Medieval Blancmange


Blancmange becomes a popular food starting from the Middle Ages. The main ingredients are characterized by their white color: rice (flour or overcooked grains), milk, sugar, almonds, lardo, and chicken or fish. Cereals overcooked, sometimes in milk, and reduced to a cream, however, are present yet in ancient Roman cuisine. We find similar preparations, for example, in Cato’s De Agri Cultura, as variations of pultes, in Apicius (but here the rice is overcooked in water and served with meatballs), and Anthimus, a Byzantine physician of the 6th century. The addition of sugar is purely medieval. In the medical handbooks, first of all the Tacuinum Sanitatis, we find out that the best way to remove any kind of harm from rice is cooking it with oil, milk, and sugar, especially during the winter. Medieval authors, however, usually prefer lardo (cured pork fatback) to oil, whose use is mainly reserved for the lean days. There are also recipes of blancmange with fish, as we mentioned before: versions for the days of fast with almond milk, fish, and olive oil appear in many manuscripts.
The main feature of all these recipes is the white color of the dish. The color of the food is a fundamental concept in medieval cuisine: we find plates colored in many ways, for example green, yellow, black, and purple. White food was considered particularly healthy and nutritious by cooks and physicians.
The recipe we are preparing today is selected from the Liber de Coquina, a 13th-century anonymous manuscript written in Latin. As you will see from the original text (you find it below with our translation into English), this manuscript presents two versions of cibus albus (white food), the first with rice flour and the latter with whole grains. Enjoy!

Ingredients (for two plates)
300 gr chicken breast
120 gr rice
1 l goat milk
white cane sugar

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Boil the chicken breast and shred it finely.
Mince the lardo and let it melt in a pan, then stir-fry the almonds.
Pound the white cane sugar in the mortar and mince the peeled ginger.
Cook the rice in the goat milk for about 30 minutes, then add the shredded chicken breast, two pinches of sugar, and the melted lardo until the rice is overcooked and reduced for the most part to a cream with a thick consistency.
Plate the rice and chicken adding the fried almonds and sprinkling with a pinch of sugar and the minced ginger.

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Note about the ingredients
Sugar is frequently used in medieval cuisine, habitually as a spice more than a sweetener. In this case, as the author specifies, it is important to use white sugar, the most common on the table of nobles and considered more healthy by medieval physicians. Brown sugar was cheaper and mainly used by common people, as we can see in this leek soup recommended for peasants.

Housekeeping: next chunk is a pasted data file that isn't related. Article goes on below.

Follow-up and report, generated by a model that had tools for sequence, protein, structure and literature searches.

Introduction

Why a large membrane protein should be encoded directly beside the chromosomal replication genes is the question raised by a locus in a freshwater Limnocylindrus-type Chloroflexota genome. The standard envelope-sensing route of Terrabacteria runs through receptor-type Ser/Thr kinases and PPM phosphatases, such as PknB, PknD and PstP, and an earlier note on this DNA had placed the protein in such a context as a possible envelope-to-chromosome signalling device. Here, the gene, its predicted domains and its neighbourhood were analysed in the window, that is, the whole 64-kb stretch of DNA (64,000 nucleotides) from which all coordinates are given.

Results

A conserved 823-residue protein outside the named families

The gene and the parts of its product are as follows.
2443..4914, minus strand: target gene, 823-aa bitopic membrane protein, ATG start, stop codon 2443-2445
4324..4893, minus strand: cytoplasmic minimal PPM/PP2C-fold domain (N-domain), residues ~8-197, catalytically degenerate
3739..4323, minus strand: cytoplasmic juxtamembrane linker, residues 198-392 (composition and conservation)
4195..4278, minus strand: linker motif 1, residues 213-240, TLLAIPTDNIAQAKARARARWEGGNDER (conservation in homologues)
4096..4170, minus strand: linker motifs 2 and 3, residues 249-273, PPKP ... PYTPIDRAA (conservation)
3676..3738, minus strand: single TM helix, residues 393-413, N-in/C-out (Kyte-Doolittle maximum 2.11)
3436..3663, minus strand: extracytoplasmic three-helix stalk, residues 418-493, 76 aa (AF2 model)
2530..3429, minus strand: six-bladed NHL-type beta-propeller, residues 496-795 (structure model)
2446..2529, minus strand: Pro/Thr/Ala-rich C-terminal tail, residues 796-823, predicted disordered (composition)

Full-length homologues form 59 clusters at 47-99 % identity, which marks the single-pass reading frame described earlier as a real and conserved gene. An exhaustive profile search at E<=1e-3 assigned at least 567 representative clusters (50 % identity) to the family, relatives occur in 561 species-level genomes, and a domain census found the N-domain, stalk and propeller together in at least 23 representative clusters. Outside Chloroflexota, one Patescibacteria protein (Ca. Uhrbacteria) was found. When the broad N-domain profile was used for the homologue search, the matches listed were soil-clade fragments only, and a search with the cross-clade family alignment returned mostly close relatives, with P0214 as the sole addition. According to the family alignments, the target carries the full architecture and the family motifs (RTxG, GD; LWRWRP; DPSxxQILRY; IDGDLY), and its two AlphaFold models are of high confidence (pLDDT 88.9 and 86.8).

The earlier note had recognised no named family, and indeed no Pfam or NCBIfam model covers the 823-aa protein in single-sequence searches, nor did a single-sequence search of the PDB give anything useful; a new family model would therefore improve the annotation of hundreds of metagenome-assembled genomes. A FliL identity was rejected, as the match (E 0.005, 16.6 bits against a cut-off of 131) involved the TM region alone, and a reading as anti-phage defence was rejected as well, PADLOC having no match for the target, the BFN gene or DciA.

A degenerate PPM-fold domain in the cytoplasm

Ginger, known and used since the Antiquity, was available both fresh and dry. For a better outcome of the recipe, we suggest using it fresh.
The medieval author writes to shred the chicken breast finely, not to mince it.
Lardo is cured pork fatback, the most common cooking fat in the Middle Ages, still used today in many Italian regions.

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Original text
De albo cibo: ad album cibum, recipe pectora gallinarum decoctarum et fac defilare subtilius quantum poteris. Postea, lava risum et fac farinam. Per pannum cola eam. Postmodum, distempera dictam farinam risi cum lacte caprino uel amigdalarum. Pone ad bulliendum in olla bene monda; et cum incipit bullire, pone intus dicta pectora filata cum alba zucara et lardo. Cave a fumo et fac bullire moderate et sine impetu ignis; et sit spissum sicut risus solet esse. Et cum dabis, superpone zucaram trittam et lardum frissum.
Et potes cum riso integro preparare et lacte caprino, ad usum ultramontanum. Quando datur, superponantur amigdale suffrisse, zucara et zynziber album integrum. Et vocatur gallice blanc mangier, id est: alba comestia.

About cibus albus: to make cibus albus, take boiled chicken breasts and shred them more finely that you can. Then, wash rice and mill it, then sift the flour through a cloth. Following, diluted this rice flour with goat or almond milk. Cook them in a well-cleaned pot. When they start to boil, add the shredded chicken breast with white sugar and lardo. Remove the smoke and boil moderately at low heat. The rice has to be as thick as usual. Serve with ground sugar and fried lardo.
You can also prepare it with whole grains of rice and goat milk, as it is common on the other side of Alps [in this case, the author means France]. Serve with fried almonds, sugar, and white undamaged ginger. This plate is called in Gaulish blanc mangier, which means white food.

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